In order to carry out her work, Esra Ersen (Istanbul/Berlin, born 1970) invests a lot of time and energy in winning people’s confidence, for only then can she collaborate with them and develop a piece of work. This was the case with a video she made in Istanbul, when her focus shifted from immigrant issues in Western Europe to a little-known situation in a country many of the immigrants come from. Together with a group of illegal immigrants from various African countries—who got stuck in Istanbul involuntarily on their way to Eastern Europe—Ersen looks in the video Brothers and Sisters at how they deal with life outside the system and the rampant racism whose continually changing forms of expression are reflected in the constantly moving camera. Several of Ersen’s works involve various languages and social boundaries, underscoring complications of cultural exchange. Her work is rich in staged situations in which negotiations involving her own subjective experience as a woman from Turkey is crucial and is placed in relief to Western culture and its expectations of ”the other”. Language, migration, and integration are key notions in most of Ersen’s work, which investigates constructions of various kinds of identities—national, ethnic, gender, and class—through the perception of others and protagonists alike. Her method can be described as “soft directing”—she sets up a framework in which those involved can maneuver freely.The work may then take form in many ways, from photography and videos to installations and dramatized situations. The common denominator is that Ersen allows herself to be influenced by the site or location of her work. The videos often share a formal language with home videos and they are eventually presented in precisely staged installations.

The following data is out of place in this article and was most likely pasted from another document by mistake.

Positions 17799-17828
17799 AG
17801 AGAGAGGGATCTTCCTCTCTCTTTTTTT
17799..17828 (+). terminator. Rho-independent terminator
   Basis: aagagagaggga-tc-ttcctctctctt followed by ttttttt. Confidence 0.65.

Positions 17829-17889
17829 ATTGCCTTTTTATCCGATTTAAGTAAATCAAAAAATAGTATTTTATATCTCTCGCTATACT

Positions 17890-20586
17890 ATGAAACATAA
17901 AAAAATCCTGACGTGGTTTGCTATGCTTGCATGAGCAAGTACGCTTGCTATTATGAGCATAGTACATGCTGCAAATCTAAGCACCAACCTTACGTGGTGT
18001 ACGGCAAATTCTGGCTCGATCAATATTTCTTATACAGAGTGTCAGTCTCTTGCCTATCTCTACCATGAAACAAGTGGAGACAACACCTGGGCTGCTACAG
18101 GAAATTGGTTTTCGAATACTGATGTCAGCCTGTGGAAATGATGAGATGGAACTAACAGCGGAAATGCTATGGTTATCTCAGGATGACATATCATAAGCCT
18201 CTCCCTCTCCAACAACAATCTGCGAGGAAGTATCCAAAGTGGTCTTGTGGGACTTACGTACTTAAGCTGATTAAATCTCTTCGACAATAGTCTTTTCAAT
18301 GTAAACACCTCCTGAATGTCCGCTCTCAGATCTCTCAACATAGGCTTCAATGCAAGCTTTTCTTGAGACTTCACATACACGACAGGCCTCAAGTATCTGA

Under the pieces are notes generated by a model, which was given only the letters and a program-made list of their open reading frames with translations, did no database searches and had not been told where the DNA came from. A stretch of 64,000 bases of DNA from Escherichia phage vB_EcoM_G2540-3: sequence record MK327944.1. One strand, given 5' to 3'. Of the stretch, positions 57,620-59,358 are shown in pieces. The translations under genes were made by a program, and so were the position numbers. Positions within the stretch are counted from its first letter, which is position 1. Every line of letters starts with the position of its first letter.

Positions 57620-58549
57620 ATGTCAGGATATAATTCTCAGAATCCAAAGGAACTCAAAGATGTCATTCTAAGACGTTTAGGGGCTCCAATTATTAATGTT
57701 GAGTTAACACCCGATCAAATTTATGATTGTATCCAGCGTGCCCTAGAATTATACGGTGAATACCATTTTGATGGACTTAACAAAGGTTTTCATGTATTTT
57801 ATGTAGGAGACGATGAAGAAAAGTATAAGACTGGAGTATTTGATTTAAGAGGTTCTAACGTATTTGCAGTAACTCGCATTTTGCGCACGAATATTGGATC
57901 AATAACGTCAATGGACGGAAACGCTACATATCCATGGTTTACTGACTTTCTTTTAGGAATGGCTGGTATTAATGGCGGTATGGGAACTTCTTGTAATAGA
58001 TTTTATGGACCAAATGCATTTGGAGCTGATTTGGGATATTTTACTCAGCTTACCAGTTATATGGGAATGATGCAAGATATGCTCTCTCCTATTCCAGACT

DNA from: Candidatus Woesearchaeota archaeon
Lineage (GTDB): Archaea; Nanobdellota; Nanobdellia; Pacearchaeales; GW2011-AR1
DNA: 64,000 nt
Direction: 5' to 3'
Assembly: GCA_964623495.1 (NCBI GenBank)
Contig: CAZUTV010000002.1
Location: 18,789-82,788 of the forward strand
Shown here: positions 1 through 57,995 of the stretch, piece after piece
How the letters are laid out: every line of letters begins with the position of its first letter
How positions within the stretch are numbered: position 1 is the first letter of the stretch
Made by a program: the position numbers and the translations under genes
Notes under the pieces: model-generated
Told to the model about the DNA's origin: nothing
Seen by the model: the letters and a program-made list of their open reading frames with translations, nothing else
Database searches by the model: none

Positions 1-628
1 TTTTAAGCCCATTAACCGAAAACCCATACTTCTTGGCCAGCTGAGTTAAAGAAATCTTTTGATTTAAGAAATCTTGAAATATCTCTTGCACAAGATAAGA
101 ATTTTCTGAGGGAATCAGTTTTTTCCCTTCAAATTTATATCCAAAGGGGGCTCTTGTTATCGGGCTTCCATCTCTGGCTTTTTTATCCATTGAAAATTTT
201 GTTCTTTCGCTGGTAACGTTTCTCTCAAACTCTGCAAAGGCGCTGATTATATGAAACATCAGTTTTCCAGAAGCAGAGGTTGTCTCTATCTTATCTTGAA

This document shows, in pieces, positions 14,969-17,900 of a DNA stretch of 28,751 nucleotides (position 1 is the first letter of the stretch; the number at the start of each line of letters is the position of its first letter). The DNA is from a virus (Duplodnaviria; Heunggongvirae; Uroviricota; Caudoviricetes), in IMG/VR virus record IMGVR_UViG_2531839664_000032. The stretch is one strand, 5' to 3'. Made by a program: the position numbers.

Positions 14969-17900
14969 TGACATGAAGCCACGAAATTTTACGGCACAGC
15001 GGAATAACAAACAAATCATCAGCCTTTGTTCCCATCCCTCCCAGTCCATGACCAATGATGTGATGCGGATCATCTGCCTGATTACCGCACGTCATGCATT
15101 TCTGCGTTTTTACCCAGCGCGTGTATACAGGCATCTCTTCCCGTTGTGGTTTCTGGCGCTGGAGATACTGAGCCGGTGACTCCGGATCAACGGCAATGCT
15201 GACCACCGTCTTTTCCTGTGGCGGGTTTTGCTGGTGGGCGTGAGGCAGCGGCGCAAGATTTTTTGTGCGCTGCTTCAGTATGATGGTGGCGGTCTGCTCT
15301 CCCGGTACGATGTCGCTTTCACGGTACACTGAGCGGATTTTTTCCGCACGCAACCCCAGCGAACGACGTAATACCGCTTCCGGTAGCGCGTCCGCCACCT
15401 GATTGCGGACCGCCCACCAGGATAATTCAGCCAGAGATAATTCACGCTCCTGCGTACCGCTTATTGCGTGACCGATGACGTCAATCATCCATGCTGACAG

Kirstine Roepstorff (Copenhagen/Berlin, born 1972) excels in creating large-scale collages reminiscent of textiles and full of intricate details from varying contexts. At one and the same time the viewer encounters parts of newspaper articles, pieces of cloth, strands of tinfoil, cutouts from brightly colored silk paper, photocopied photographs, ribbons, postcards, and lace. Roepstorff calls her method “appropriarranging,” by which she dissolves one context in order to create a new one. She frequently makes use of information found in the Penguin State of the World Atlas and daily newspapers. In the works Amnat and Satsit and Zarema, she refers to the first names of three Chechen “Black widows,” female suicide killers who have all experienced personal absence and loss with strong psychosocial aspects. Like many of Kirstine Roepstorff’s works, these question the validity of cultural values and norms. The viewer is also reminded that what is left out of an image is as important as what remains. Yet, while Roepstorff’s pictures tell disrupted stories that can be read as isolated chapters of a narrative, they also offer space for contemplation. The capacity to imagine is constantly at play in her work, suggesting subjective readings and interpretations of our reality, directed by Roepstorff’s own choices of inclusion and exclusion.
Michael Beutler, Esra Ersen, and Kirstine Roepstorff worked together with curator Maria Lind to select the works to be included in this exhibition, and to design the installation format.
CCS Bard exhibitions are made possible with support from the Audrey and Sydney Irmas Charitable Foundation, and the Patrons, Supporters, and Friends of the Center for Curatorial Studies.